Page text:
Background: To estimate the short term (5 years) and long term (30 years) economic burden of stroke among younger adults (18-64 years), and to calculate the loss of health-related quality of life in these individuals, in Australia.
Methods: A Markov microsimulation model was built to simulate incidence of stroke among younger adults in Australia. Younger adults with stroke commenced in the model via health states defined by the modified Rankin Scale at 12 months from the AVERT study (A Very Early Rehabilitation Trial), and transitioned through these health states. Costs in Australian dollars (AUD) were measured from a societal perspective for a 2018 reference year and categorised into medical, non-medical and indirect costs. Probabilistic sensitivity analyses were performed to test the robustness around the cost of illness estimates. The loss of health-related quality of life due to stroke among younger adults was calculated by determining the difference in estimated quality-adjusted life years (QALYs) between the stroke population and the general population. This was determined by multiplying the predicted remaining life years for the modelled stroke cohort and the age-matched general population, by their corresponding age-dependent utilities.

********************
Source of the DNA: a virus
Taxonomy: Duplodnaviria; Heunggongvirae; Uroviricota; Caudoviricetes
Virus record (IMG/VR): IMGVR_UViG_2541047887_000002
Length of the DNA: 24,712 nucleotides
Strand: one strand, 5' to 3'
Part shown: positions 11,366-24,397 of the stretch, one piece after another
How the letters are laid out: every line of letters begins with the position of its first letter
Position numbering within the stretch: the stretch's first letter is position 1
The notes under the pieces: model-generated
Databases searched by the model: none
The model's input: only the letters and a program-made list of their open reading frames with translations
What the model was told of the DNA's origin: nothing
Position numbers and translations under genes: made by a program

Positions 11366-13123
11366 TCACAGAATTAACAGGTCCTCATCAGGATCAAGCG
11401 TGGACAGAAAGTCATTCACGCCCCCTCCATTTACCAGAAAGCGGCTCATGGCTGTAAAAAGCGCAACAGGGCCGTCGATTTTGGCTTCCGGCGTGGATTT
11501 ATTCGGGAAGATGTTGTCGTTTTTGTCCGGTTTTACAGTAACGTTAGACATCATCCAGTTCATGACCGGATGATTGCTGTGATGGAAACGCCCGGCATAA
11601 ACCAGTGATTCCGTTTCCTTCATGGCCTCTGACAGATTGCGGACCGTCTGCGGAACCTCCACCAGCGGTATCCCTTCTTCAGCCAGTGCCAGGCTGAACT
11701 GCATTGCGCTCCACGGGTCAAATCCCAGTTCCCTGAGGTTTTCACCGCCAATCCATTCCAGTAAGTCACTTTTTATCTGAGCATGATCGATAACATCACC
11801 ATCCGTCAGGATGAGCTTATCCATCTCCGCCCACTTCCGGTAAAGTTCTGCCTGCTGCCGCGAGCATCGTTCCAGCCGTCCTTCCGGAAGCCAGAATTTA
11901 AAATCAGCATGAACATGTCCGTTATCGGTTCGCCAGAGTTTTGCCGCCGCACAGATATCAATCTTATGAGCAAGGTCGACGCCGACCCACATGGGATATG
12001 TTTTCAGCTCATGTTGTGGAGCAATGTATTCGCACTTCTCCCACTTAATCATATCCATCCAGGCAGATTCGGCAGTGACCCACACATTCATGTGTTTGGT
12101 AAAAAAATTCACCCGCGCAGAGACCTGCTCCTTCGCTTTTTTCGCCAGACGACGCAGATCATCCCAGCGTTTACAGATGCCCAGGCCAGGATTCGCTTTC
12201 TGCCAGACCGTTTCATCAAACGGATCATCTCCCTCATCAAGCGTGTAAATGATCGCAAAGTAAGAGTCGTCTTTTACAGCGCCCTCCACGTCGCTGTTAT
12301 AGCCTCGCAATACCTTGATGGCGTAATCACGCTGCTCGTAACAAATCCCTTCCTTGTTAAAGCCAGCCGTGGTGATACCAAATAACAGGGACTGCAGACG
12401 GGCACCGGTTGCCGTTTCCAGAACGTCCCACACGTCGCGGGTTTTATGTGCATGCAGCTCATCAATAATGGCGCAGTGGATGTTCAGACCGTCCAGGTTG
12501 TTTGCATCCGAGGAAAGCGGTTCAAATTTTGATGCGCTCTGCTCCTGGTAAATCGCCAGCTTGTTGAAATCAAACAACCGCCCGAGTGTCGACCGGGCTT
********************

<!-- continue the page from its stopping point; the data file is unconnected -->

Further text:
Results: The economic burden of stroke among younger adults was estimated to be AUD2.0 billion over 5 years, corresponding to a mean of $149,180 per stroke patient. Over 30 years, the economic impact was AUD3.4 billion, equating to a mean of $249,780 per case. Probabilistic sensitivity analyses revealed a mean cost per patient of $153,410 in the short term, and a mean cost per patient of $273,496 in the long term. Compared to the age-matched general population, younger adults with stroke experienced a loss of 4.58 life years and 9.21 QALYs.
Conclusions: The results of our study suggests high economic and health burden of stroke among younger adults and highlights the need for preventive interventions targeting this age group.
Trial registration: ACTRN12606000185561 , retrospectively registered.
Keywords: Burden; Economic; Societal; Stroke; Young.
© 2022. The Author(s).